Own Research – The Ceremony of Life: Early Works by Martin Parr The Photographers Gallery April 2017

As mentioned before I am a bit Martin Parr-ed out, but when the opportunity comes available to view his work that’s what you do!

Whilst visiting the Deutsche Börse Photography Foundation Prize 2017 and Roger Mayne exhibition I popped downstairs to the Print Sales Gallery which had on show The Ceremony of Life, an exhibition of rarely seen black and white prints by Martin Parr and presented in collaboration with Rocket Gallery, London.

These early works – taken in the 1970s and early 1980s – reveal a gentler, less critical lens, unearthing a young photographer with superlative observational skills, passionate about capturing the unsung rituals of everyday life.

The exhibition features images from Parr’s first major series’ and photo books, including, Bad Weather (1975-1982), Fair Day (1980-1983) and Non-Conformist (published in 2013). the vernacular of people and landscapes across Yorkshire, Sussex, Dublin and the west coast of Ireland.

Parr once said that ‘black-and-white is certainly more nostalgic, by nature,’ and that his early ‘black-and-white work is more of a celebration and the colour work [is] more of a critique of society.’

The images on display are definitely a gentler reflection of British values exploring quieter moments:  shots of businessmen waiting at train stations in the fog, men fixing door-frames, at the Steep Lane Baptist Chapel buffet lunch, Sowerby, Calderdale, West Yorkshire, a refined middle-aged woman carefully sugars under the watchful eye of Jesus at the last supper. Here we can see the beginnings of Parr’s commentary on what it means to be British. Offbeat and eccentric for their time, these works display the quirkiness that would later hallmark his distinctive style.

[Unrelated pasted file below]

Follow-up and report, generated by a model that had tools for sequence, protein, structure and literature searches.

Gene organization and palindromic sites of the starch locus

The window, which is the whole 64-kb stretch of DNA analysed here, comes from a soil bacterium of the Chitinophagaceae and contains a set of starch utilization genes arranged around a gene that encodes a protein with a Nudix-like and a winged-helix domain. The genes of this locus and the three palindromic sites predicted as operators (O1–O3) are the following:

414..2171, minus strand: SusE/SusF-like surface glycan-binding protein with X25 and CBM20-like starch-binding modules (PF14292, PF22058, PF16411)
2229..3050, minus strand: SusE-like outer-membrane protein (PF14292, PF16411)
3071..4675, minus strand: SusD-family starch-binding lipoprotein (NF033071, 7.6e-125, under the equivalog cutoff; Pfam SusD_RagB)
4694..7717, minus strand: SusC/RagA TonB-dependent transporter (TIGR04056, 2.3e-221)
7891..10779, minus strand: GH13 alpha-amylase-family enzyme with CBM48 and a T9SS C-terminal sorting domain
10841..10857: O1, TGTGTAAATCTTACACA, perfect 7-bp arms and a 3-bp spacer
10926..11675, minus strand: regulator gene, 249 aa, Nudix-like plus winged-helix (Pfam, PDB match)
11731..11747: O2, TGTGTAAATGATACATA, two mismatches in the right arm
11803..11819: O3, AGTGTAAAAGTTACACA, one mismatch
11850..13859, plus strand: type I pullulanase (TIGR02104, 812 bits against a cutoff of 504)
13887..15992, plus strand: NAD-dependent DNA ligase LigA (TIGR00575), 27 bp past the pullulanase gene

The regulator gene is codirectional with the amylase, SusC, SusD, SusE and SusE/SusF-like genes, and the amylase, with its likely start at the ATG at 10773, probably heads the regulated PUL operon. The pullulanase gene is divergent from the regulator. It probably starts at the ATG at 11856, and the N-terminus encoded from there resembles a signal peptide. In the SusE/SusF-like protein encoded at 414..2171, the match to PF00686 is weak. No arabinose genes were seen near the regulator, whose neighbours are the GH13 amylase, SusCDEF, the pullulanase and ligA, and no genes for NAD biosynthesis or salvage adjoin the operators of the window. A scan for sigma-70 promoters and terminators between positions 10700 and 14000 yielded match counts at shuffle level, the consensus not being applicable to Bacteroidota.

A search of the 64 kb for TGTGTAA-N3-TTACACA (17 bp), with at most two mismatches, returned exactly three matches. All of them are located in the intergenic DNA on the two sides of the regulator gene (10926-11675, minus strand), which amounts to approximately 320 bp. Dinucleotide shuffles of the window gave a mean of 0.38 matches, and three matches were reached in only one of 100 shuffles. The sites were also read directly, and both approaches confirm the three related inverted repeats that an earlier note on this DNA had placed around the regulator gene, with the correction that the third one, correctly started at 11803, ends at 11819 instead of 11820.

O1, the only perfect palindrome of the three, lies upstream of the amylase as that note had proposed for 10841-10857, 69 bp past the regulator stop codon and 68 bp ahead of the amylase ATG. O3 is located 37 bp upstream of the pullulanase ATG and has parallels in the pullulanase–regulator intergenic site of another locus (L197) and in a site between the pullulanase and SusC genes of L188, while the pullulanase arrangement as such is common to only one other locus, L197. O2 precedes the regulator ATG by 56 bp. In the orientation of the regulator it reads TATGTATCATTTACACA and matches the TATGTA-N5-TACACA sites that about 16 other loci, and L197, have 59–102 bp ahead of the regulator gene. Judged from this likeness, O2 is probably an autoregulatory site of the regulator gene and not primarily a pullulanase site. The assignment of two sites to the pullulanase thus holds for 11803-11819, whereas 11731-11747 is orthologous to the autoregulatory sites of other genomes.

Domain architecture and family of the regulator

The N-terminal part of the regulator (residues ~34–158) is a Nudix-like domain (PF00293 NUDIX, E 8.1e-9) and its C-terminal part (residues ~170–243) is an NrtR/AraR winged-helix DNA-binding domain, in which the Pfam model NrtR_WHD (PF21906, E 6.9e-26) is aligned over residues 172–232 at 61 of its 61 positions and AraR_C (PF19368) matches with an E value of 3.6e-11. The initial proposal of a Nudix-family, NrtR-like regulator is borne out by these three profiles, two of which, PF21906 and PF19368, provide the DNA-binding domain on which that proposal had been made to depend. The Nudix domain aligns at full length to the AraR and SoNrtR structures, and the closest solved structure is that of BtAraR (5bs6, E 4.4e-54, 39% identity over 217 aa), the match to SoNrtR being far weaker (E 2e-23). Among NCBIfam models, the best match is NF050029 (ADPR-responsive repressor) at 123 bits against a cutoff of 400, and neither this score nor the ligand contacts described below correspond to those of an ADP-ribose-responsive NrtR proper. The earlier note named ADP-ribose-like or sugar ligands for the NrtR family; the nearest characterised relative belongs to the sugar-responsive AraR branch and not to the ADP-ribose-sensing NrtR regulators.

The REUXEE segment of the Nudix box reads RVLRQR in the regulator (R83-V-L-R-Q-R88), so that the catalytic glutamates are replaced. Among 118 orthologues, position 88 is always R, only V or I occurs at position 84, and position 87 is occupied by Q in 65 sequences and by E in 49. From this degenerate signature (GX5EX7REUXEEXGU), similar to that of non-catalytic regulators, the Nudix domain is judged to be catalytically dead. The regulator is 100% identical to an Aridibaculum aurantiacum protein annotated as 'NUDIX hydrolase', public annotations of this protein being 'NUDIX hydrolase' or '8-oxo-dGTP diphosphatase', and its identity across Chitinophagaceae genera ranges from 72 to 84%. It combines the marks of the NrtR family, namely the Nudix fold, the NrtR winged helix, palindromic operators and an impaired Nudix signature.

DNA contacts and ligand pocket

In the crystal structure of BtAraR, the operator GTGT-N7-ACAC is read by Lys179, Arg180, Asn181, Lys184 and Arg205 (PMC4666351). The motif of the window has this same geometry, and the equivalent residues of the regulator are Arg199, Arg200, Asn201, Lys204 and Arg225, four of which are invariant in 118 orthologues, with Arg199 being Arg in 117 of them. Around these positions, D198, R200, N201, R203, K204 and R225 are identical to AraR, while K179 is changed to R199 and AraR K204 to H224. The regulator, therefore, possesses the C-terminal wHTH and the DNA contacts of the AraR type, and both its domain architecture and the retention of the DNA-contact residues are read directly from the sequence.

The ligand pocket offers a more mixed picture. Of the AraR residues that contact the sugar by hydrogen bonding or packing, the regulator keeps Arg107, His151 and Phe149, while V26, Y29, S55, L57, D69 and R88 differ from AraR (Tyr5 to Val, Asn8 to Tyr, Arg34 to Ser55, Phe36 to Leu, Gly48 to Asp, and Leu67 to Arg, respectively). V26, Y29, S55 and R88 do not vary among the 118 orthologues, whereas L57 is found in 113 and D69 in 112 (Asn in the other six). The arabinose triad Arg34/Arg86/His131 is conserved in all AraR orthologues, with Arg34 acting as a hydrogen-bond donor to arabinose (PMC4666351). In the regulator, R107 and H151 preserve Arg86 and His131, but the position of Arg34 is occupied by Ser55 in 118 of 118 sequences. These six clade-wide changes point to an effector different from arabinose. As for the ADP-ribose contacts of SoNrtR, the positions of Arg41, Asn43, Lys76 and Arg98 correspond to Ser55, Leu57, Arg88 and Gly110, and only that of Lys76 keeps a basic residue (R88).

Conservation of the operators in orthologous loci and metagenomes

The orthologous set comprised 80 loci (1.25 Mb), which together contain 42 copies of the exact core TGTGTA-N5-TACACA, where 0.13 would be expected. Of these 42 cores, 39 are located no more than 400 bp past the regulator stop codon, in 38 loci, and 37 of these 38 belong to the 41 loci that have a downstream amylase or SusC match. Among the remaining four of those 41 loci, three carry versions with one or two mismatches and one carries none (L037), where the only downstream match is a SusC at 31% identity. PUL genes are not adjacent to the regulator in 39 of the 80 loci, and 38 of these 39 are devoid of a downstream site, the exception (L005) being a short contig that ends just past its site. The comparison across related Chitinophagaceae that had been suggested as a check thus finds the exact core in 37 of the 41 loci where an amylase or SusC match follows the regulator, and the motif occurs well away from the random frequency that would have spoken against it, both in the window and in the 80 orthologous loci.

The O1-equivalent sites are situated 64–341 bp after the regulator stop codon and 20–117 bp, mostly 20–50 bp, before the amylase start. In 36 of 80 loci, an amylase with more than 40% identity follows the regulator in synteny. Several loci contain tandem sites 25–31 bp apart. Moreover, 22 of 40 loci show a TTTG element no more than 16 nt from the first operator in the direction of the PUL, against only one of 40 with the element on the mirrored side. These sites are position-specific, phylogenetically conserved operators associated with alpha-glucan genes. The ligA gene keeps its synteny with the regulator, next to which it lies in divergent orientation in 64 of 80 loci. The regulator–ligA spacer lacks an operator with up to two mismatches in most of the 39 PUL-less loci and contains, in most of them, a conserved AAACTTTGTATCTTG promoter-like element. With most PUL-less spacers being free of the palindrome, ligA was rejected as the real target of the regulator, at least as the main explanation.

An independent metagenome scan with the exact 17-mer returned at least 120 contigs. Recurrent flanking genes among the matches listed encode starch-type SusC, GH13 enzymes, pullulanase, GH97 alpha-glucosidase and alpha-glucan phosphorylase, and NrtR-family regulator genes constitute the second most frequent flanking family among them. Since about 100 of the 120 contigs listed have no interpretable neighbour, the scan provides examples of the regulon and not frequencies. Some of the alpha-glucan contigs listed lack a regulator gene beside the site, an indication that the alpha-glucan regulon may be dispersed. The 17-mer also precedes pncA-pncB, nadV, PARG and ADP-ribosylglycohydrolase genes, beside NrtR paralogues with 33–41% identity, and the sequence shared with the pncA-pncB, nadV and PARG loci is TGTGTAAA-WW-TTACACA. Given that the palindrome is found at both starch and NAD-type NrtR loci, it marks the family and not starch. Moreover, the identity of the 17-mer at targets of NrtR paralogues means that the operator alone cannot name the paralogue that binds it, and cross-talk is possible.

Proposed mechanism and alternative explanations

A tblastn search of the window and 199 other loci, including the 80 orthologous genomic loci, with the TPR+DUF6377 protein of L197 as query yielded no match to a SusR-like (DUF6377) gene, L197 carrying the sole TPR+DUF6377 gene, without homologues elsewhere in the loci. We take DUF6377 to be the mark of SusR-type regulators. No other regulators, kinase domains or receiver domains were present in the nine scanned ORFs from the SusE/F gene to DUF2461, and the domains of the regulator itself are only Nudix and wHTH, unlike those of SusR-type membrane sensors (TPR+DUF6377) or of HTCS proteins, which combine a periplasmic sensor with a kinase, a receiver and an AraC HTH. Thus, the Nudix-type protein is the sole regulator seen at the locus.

What did I take away from this exhibition?

  • that you can change style and still be successful!



A British Tradition – Martin Parr territory

Martin Parr..oh…Martin Parr…how many times are you referenced throughout this coursework and elsewhere? I’m a bit Martin Parr blogged out, and whilst I really do appreciate the impact he has had on documentary I just want to move onto someone else lolol.

I’ve seen his work up close, I own a signed book, I’ve attended a talk and shaken the man’s hand. I love some of his work, don’t like some and could take or leave others. Bit like Paul Graham, who initially I really didn’t appreciate, Parr has grown on me over the past few years. More than anything what I find I am admiring most at the moment, is his way of networking, altering his direction slightly and getting into all the right places…it is amazing. Like others it is ironic that as a critic of the establishment he has rapidly become part of it. I think that with each new body of work, his focus and ever present satire, the ‘cruelness’ of Last Resort fades. He doesn’t just poke fun at the working classes, an easy target, he pokes fun at everyone! Parr’s work is often said to be mocking and patronising, and he readily admits to staging his images to have a certain feel to them. His subjectivity, reflexivity and authorship shine through, as he picks up on the minute details with impressive observation.

Take for example the image he discusses: Todmorden: the Mayor of Todmorden’s inaugural banquet, 1977. A black and white image that does not portray the mental image one would possibly have of such a sedate occasion. Instead we get the free-for-all over the buffet table packed with delightful elements such as the man cupping a pork pie and the lady trying to squeeze out as another pushes in.


The social interactions and detailed observations within this image translated into his later work. I’ve previously commented upon his later use of garish colours, and images ‘laden with social commentary and class connotations,’ the love/hate relationship that I and many others have with some of his work but I guess I better suck it up and continue with the exercise…

Random bit here… a very interesting article on cliché


Read the document ‘Martin Parr: Photographic Works 1971–2000’ by the National Museum of Photography, Film and Television.